NHS 10-year plan: priorities and significance
Published earlier this week, a much anticipated 10-year plan for NHS England lays out the long-term priorities based on an extra £20 billion of funding being received.
The NHS has delivered a 10-year plan thriving to be an ‘anchor institution’ fit for the 21st century. Jonathan Baker, the head of our medical negligence sector, considers some of the plan’s main action points and what they could mean for the future of national healthcare.
Early detection and prevention
At the heart of the NHS long-term plan is the prevention of ‘major health problems’, including heart disease, diabetes and mental health. The plan puts forward hopeful ambitions to prevent ‘150,000 heart attacks, strokes and dementia cases’ as well as saving ’55,000 more lives’ from cancer, through early detection and diagnosis.
Since many of the claims the medical negligence team manage arise from delays in care, this is a plan Jonathan considers to be very positive, commenting:
“Clients often contact us concerned that there was a delay in doing something – such as a delay in detecting a developing condition or a delay in being referred. As such, developing the focus on avoiding something happening in the first place could potentially help a lot of people. If it can’t be avoided, picking it up sooner will inevitably have its benefits too.”
The increased ‘contribution to tackling some of the most significant causes of ill health’ includes further encouragement of a healthy lifestyle, to prevent smoking, alcohol and diet-related problems. “There is significance in promoting a healthy lifestyle” says Jonathan. “A fresh start to health awareness could help to relieve the financial burden on the NHS that lifestyle-related problems bring.”
The aim to diagnose and treat more health problems before they develop is complemented by a focus on integrated primary care; a proposal which involves ‘creating genuinely integrated teams of GPs, community health and social care staff’ to accelerate support provided and concentrate on an effective alternative to hospitalisation.
Jonathan believes this is another ambitious idea and a significant step in the right direction, arguing that:
“Disjointed care can often lead to a breakdown in communication, whether that’s between two hospitals or regarding patient referral. This not only provokes frustration but can result in people getting lost in the system, and problems potentially worsening or even becoming permanent.”
The ‘out of hospital’ care mentioned, for example urgent treatment centres, is considered as a model for the future to relieve pressure on the current emergency care system, whilst still ensuring the most serious emergencies receive the best possible care. But as well as this, the NHS prepares its controversial decision to drop 4-hour waiting time targets for A&E departments.
Providing appropriate care in the 21st century raises questions about new means of care. Technology is an area which, if embraced, “will have many benefits, since hospitals are still relying on fax machines, page machines and paper records” says Jonathan. ‘More convenient’ access to health information and services has been proposed to patients and staff alike, including better access to digital tools and patient records.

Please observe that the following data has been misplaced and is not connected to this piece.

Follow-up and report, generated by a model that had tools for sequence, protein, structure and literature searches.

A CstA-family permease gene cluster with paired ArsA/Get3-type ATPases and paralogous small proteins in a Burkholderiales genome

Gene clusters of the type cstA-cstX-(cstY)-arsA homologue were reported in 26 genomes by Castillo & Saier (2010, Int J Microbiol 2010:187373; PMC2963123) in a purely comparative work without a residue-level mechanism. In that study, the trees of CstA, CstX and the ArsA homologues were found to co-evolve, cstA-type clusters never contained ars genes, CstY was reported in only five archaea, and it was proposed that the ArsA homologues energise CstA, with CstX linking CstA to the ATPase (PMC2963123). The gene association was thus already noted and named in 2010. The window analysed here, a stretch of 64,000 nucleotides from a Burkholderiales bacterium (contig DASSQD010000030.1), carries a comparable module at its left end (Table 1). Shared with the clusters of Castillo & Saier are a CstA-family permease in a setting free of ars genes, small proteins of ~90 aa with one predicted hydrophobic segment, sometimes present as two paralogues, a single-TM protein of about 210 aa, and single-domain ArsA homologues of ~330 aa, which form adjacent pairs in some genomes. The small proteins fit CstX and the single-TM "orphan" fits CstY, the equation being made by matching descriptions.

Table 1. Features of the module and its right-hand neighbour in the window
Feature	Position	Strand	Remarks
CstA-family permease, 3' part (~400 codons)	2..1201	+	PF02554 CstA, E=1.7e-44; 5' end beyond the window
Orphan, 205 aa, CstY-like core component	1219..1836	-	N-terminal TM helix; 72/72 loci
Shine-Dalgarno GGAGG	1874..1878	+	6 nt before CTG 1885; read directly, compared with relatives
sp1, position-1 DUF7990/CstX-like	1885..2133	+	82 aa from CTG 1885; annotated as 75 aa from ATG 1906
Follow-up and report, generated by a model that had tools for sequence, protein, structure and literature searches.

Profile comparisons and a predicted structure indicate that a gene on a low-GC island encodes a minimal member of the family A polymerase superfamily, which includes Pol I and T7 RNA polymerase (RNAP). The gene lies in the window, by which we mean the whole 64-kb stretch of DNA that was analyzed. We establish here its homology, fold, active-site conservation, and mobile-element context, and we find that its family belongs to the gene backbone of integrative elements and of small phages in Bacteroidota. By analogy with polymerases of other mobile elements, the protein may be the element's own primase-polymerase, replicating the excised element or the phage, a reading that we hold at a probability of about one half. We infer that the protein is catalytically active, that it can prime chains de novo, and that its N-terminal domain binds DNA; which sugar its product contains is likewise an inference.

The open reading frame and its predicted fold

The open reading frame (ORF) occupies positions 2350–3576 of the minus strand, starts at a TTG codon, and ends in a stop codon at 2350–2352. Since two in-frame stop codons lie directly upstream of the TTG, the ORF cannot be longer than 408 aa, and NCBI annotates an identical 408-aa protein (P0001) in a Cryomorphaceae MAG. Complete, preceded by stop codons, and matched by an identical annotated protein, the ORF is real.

Smartphone appointments signify a ‘digital first’ on a major scale, which according to Jonathan “could be really helpful in the right circumstances”.
“Developing this into the NHS could mean that there is less frustration for patients over trying to get an appointment, waiting hours and losing half a day from work in the process, but also benefit the NHS in reducing the cost of missed appointments.”
The NHS aim for 80% of appointments to be digital, with video consultations a possibility in cases when it is necessary to see someone physically. This has been said to free up time on minor and missed appointments to focus on other areas of importance such as treatment.
However Jonathan considers potential limitations to a digitised healthcare system which includes “those not familiar with the technology, those who do not have access to the technology, or those patients whose health issues may require an in-person consultation.”
Training and support
As well as concerns over financially stretching the budget, Jonathan addresses the strain put on NHS staff, which is also mentioned in the plan, due to the ‘number of vacancies across many roles’. It is unknown at this stage whether this is a major implication to the ambitious document.
The long term plan sets out a number of specific workforce actions, though the funding available for additional investment in the form of training, education and continuing professional development is yet to be announced. However a new medical school at the University of Lincoln, which will deliver first-class medical training to around 400 undergraduate students, indicates a good start.